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October 11, 2011

2 An fwknop SPA web-interface

Vasilis Mavroudis has launched, a web-based front end to the fwknop (Single Packet Authorization) client. It does not yet seem to support the full suite of fwknop features, but the WebKnock site allows you to send basic auth packets to your fwknop server in order to open firewall ports. This can definitely come in handy if you need access to a port on your server, and don’t have the fwknop client handy on the computer, Android or iPhone (coming soon).

Note that although WebKnock uses SSL to protect the HTTP session, you are required to supply your fwknop password. If logged or intercepted, your knock details could be used to open firewall ports or even run commands on your server (depending on how you’ve configured fwknop). While WebKnock may be useful in a bind, from a purely security standpoint I don’t recommend using it regularly due to this risk. If you do use it, you should consider changing your fwknop passphrase.

I hope that WebKnock is eventually open-sourced to allow both for the code to be reviewed, and for people to host their own instance of WebKnock. It would also be nice to see more fwknop features being added, including the ability to define a username, and open multiple ports at once (eg. by entering: tcp/22 udp/53 tcp/80). The ‘Allow IP’ field should also get pre-populated with the visitor’s IP address for convenience.

Source: Cipherdyne

2 Comments Post a comment
  1. Oct 13 2011

    Hi! Thanks for the reference and the comments!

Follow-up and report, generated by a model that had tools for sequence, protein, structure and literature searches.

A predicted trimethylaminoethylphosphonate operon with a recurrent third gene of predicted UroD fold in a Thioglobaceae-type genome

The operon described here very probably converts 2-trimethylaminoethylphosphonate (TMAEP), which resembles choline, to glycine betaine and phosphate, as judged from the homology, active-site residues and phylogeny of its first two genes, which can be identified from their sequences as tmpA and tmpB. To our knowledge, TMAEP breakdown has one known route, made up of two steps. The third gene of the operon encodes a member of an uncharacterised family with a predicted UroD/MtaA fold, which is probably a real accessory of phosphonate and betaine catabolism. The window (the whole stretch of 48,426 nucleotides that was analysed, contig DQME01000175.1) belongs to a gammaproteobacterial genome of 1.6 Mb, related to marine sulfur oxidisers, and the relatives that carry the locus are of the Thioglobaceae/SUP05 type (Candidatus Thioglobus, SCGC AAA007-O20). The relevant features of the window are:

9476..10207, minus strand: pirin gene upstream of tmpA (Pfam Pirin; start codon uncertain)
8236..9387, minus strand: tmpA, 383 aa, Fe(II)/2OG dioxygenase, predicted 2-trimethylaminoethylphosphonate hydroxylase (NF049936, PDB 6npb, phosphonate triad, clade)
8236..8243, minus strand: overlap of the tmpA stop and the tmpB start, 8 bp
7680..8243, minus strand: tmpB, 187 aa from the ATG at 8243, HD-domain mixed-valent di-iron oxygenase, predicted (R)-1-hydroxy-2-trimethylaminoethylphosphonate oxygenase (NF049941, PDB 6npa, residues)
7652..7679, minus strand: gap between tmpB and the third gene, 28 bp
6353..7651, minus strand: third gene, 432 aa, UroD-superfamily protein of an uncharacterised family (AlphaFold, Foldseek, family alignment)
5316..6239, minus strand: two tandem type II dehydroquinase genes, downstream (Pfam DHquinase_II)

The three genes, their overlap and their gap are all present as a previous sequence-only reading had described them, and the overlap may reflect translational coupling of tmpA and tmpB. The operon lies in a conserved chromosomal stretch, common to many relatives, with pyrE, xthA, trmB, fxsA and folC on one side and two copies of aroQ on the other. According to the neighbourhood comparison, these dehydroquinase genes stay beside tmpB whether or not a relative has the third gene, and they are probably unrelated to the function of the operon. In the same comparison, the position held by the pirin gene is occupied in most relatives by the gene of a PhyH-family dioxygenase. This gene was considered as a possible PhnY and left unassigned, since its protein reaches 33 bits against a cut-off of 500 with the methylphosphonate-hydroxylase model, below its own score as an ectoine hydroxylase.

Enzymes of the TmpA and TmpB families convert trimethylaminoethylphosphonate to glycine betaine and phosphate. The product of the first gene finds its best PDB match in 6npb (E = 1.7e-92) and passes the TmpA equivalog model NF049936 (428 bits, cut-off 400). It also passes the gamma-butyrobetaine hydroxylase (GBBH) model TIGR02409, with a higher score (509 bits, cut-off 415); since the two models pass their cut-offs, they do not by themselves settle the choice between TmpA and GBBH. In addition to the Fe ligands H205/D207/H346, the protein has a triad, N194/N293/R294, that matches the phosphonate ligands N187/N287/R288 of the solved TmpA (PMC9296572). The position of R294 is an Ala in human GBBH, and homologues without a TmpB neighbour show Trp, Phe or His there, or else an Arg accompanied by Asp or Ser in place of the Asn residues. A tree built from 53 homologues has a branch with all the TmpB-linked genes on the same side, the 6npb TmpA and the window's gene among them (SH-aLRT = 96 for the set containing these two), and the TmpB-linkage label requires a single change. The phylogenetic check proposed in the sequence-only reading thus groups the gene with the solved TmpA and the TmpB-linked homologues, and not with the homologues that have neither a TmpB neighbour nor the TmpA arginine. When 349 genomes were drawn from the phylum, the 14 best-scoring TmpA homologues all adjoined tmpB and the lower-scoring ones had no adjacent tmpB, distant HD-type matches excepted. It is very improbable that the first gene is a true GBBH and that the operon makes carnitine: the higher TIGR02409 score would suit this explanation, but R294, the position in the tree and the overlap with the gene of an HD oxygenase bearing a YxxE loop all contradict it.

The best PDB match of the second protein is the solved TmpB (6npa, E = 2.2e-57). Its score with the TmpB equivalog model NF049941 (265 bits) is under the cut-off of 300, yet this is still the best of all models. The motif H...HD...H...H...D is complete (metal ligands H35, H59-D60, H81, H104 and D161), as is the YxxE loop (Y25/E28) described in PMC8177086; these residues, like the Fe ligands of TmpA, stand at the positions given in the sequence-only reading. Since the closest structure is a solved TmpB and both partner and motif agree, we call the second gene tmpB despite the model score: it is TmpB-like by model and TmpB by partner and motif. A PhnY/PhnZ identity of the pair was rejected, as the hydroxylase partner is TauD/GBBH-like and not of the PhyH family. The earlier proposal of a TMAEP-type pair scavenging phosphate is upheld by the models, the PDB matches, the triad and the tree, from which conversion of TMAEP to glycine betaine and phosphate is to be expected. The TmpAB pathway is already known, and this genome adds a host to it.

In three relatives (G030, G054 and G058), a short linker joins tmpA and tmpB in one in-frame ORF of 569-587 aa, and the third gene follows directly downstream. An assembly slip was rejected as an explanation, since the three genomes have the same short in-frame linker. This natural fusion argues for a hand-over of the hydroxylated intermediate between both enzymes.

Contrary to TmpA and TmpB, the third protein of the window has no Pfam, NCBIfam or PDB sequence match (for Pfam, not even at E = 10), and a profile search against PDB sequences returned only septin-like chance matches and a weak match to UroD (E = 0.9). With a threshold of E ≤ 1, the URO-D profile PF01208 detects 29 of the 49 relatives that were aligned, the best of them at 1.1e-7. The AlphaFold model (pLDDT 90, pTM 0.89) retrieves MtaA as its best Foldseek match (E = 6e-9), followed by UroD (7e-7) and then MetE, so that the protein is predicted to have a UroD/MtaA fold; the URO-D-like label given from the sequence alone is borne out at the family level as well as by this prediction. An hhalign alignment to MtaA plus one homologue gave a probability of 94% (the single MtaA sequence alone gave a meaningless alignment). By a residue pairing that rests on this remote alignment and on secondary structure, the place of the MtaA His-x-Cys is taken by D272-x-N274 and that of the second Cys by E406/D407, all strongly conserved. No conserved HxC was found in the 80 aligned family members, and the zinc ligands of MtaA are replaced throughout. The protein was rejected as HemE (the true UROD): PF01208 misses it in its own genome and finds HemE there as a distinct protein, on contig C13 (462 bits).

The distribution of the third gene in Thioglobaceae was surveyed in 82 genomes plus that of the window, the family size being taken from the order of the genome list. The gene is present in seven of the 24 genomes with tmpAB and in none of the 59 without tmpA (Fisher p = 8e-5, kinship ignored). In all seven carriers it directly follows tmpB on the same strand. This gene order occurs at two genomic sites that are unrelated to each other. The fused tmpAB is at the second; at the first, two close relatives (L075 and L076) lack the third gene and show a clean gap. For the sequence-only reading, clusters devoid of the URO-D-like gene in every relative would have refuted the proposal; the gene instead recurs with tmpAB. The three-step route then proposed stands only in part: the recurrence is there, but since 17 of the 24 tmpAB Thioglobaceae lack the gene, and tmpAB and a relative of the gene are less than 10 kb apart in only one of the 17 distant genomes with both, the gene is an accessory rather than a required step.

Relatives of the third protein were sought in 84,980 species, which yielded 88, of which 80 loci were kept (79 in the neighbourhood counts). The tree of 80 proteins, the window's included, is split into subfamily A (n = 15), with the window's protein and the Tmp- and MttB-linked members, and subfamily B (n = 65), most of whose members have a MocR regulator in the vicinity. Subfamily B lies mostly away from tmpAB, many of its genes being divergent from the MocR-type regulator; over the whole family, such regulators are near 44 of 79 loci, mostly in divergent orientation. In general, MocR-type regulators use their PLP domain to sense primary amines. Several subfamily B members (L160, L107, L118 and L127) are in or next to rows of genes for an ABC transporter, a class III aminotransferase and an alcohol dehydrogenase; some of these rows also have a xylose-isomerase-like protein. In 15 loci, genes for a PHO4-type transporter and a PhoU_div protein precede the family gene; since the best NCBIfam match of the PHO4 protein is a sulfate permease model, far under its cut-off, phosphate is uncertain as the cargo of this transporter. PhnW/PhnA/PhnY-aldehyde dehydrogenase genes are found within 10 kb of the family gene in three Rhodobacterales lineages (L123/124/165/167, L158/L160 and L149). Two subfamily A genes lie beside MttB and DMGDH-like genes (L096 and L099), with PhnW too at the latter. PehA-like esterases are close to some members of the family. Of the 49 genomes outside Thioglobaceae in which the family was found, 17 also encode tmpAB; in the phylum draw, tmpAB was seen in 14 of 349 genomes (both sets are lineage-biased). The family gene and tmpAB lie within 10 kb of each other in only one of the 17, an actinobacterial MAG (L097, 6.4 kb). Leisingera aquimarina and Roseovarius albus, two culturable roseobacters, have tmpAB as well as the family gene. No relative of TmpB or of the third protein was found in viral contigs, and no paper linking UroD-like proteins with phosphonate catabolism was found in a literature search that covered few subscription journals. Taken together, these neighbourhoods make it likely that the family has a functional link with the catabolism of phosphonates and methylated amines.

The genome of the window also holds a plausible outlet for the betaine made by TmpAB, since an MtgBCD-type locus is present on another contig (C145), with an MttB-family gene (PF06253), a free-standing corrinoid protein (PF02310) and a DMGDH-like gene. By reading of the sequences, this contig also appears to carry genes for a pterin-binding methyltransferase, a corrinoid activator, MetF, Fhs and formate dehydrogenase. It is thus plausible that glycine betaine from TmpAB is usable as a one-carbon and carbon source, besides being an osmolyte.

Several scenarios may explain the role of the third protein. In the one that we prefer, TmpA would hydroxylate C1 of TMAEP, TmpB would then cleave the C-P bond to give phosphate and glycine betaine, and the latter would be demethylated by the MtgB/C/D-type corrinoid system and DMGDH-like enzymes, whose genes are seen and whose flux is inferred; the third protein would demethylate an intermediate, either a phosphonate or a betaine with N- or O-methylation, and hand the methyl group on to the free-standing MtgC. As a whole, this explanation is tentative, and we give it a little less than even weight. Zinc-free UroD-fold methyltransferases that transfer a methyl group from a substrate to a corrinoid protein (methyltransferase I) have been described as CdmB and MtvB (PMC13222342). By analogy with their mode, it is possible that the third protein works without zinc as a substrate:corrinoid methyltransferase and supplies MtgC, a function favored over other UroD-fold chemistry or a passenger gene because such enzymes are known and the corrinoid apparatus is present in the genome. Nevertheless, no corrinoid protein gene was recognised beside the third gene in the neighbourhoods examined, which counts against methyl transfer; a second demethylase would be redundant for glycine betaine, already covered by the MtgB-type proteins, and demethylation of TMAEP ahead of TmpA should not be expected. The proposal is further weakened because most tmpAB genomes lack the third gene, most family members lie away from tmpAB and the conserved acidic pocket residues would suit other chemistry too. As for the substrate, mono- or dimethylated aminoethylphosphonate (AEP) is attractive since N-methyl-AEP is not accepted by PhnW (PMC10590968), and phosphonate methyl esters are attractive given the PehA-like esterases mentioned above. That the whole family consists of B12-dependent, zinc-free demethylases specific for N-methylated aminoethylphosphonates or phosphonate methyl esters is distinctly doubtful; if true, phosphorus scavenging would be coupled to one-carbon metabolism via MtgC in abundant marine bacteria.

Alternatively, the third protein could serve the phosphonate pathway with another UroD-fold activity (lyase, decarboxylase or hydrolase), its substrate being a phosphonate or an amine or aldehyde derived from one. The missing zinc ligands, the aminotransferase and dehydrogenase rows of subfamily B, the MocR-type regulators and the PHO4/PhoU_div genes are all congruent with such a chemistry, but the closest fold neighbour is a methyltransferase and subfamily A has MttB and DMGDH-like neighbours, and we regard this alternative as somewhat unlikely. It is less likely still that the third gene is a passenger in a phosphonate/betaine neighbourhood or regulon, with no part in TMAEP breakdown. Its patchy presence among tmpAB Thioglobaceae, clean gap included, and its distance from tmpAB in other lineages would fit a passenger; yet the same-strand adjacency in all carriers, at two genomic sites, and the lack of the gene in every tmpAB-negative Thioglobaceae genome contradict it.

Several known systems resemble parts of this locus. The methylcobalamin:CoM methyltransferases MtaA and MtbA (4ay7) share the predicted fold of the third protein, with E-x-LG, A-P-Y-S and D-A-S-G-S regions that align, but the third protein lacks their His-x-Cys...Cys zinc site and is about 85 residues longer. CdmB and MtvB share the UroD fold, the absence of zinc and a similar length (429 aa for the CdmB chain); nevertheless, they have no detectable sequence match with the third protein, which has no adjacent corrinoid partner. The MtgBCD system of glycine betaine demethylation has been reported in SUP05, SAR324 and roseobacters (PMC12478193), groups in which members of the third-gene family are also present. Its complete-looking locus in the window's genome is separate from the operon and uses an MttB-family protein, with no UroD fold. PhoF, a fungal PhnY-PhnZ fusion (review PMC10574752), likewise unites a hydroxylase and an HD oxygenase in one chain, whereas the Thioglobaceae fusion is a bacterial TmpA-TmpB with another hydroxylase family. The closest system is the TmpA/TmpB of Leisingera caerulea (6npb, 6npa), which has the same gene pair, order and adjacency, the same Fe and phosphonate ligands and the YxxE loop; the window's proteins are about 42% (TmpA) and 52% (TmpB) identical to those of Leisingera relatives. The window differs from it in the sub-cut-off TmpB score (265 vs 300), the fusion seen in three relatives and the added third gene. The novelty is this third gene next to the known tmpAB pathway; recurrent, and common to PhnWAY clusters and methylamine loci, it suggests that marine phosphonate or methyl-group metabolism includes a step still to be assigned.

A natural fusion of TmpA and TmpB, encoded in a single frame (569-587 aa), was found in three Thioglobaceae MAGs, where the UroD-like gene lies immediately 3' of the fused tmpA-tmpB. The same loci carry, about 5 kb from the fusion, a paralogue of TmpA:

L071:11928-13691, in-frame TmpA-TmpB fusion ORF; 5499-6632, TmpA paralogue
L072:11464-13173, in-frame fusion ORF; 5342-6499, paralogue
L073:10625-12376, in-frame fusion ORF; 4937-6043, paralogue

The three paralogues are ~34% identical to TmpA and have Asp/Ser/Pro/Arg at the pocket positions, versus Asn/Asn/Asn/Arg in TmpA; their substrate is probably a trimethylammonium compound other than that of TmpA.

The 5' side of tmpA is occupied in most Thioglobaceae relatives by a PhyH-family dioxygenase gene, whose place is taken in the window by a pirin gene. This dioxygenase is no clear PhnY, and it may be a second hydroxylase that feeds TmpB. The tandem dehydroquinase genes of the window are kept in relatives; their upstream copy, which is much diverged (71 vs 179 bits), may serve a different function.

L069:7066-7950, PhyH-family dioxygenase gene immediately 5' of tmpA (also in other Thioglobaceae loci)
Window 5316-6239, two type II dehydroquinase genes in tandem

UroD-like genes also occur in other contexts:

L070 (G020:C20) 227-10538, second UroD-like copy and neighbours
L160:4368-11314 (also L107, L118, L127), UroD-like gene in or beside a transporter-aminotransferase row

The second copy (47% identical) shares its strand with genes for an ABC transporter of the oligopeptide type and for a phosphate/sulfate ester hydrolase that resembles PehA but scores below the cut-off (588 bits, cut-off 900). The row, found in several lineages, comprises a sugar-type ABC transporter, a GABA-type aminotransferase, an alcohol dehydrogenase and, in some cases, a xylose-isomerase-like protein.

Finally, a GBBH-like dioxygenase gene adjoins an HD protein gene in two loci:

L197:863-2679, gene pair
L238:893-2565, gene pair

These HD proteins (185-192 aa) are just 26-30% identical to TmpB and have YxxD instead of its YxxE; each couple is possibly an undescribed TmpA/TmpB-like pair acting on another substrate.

Yes, you are right that currently webknock does not fully support the fwknop features. However, I am planning to do so in the future (the multiple ports feature comes first).

    I plan to open-source the project but this won’t reduce the security risk. I am thinking of ways to do so…maybe having a regular review of the source code from a trusted authority can solve the problem.

    Best regards,

  2. Oct 13 2011

    Hi Vasilis,

    Good to hear you’re still developing it. Although open source would be nice, as you said it doesn’t actually bring that much assurance.

    I think the only way to get a relatively adequate level of assurance would be to set up the fwknop server with a one-time pad approach to passwords. But due to the fact that one doesn’t get a response from fwknop servers, this would make very hard to troubleshoot authentication issues and keeping track of which key to use next.

    I’ll have more of a think about it, but as with all kinds of ‘service-in-the-middle’ services, the user either has to accept some additional risk, or avoid using it.


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